Some positions require significant amounts of time for in-person or virtual meetings, or frequent phone or video-conference calls. Hard deadlines for conferences or reports mean that research papers can slide to the back burner.
Giron-Nava sets firm work boundaries — by dedicating at least 80% of his work time to fisheries research and other fellowship work. Pre-pandemic, he scheduled travel so that he had at least 7–10 consecutive days at home in California, and restricted his UN reading and work to long international flights when possible. During the pandemic, he blocks off at least one day per week to be free of video-conference meetings.
Mboa says that overstretched junior scientists need to say ‘no’ sometimes. He has learned to turn down invitations to speak on panels — especially when he feels that he is being asked because organizers want to simply tick a box to say they have “someone coming from Black Africa”.
Sall, who teaches, leads a non-profit organization and runs a company, sets weekly and monthly goals for each initiative. But despite delegating tasks to others, she still works six days per week, often late into the night, which can be mentally exhausting. She takes Sundays off and relaxes by listening to podcasts and audiobooks, watching television and films, and spending time with her family.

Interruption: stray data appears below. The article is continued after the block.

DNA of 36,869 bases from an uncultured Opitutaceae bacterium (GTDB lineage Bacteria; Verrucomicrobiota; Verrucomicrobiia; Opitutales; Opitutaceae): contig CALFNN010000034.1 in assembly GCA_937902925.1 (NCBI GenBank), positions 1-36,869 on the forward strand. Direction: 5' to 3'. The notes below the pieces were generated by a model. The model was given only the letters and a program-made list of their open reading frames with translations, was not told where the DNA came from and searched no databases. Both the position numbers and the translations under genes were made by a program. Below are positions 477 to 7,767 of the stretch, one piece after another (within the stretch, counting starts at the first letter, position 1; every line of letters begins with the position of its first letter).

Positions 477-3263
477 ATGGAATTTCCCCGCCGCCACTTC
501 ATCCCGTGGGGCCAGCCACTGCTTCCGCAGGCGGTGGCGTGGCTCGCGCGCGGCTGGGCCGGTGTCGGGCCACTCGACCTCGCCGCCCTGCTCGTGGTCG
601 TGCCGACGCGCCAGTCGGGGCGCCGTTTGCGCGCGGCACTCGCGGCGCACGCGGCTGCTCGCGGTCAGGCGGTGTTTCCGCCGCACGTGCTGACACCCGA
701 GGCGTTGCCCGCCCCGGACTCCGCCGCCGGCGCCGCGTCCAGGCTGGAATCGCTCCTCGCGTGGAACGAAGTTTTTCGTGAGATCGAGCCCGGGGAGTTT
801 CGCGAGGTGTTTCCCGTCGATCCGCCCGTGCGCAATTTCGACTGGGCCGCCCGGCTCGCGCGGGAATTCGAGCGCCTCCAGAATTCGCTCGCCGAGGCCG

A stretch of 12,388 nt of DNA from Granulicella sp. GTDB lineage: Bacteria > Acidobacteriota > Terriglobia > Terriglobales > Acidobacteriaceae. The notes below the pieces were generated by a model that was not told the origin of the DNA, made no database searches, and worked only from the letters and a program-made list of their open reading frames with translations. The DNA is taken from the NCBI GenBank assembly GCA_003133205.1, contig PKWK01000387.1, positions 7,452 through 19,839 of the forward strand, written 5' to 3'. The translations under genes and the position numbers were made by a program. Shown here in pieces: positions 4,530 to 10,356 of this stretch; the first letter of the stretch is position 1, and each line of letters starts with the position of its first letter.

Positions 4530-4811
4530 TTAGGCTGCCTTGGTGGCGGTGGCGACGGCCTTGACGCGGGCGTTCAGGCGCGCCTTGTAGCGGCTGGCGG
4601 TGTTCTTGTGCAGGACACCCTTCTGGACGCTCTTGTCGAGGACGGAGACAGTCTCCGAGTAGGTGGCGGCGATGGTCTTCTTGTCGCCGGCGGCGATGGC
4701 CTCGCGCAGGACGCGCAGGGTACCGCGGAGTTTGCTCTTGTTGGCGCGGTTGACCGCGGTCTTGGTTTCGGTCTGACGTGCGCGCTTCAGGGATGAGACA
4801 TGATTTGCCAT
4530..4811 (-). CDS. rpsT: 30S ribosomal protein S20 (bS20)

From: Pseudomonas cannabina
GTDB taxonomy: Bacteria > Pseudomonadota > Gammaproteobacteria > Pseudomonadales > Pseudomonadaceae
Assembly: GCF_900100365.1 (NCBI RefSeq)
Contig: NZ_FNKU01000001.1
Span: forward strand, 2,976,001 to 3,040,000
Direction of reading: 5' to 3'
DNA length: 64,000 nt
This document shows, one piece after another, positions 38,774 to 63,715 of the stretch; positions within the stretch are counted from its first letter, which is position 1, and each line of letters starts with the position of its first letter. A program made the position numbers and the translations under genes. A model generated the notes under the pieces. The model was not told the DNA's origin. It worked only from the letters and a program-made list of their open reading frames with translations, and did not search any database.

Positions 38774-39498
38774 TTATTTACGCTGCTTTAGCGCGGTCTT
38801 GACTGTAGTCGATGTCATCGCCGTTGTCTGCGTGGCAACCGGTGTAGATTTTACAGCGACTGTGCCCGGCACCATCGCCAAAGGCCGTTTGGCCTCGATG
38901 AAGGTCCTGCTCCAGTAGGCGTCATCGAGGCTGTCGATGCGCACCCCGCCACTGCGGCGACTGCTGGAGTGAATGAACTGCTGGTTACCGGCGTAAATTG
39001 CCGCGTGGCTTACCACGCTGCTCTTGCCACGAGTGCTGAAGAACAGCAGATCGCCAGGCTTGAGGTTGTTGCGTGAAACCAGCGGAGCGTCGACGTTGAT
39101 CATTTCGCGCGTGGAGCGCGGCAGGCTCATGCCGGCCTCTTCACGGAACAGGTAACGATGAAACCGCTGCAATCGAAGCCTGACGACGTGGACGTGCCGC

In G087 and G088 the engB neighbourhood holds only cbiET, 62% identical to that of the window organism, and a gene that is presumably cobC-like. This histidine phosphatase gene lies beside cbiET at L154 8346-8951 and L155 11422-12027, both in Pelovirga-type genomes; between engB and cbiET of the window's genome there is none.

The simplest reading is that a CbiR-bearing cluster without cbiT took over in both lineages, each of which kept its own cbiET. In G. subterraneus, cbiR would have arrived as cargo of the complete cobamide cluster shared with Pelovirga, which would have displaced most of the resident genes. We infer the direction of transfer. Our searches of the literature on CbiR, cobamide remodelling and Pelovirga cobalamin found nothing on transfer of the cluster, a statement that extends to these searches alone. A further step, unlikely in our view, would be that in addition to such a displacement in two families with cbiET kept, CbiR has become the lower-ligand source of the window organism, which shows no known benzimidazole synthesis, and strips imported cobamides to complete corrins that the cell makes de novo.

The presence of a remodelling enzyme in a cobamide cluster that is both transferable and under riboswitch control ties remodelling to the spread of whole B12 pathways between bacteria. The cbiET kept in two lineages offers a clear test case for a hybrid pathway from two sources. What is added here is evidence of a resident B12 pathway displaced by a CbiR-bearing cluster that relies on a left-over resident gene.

Ramirez wonders how her work on 500 Women Scientists will be valued in her tenure review. Many early-career advisers and advocates face pressure from their research supervisors and peers to spend more time on their own research. “Science continues to value science first,” she says.
Navigating that criticism can be tricky, but many early-career researchers say the advantages of their leadership work are worth it. Their passion projects keep them energized and pushing forward in their research and other roles.
As a group, Shockey says, junior scientists are less entrenched in specific scientific methodologies or processes, have fewer work commitments beyond their own research, and bring high levels of energy and creativity to endeavors. “That energy is absolutely a real thing,” he says.
But, he adds, that energy can easily be dismissed by organizations as not being as valuable as decades of experience. To his mind, that’s a mistake. “Excitement coupled with ideas”, he says, “is what drives things forward.”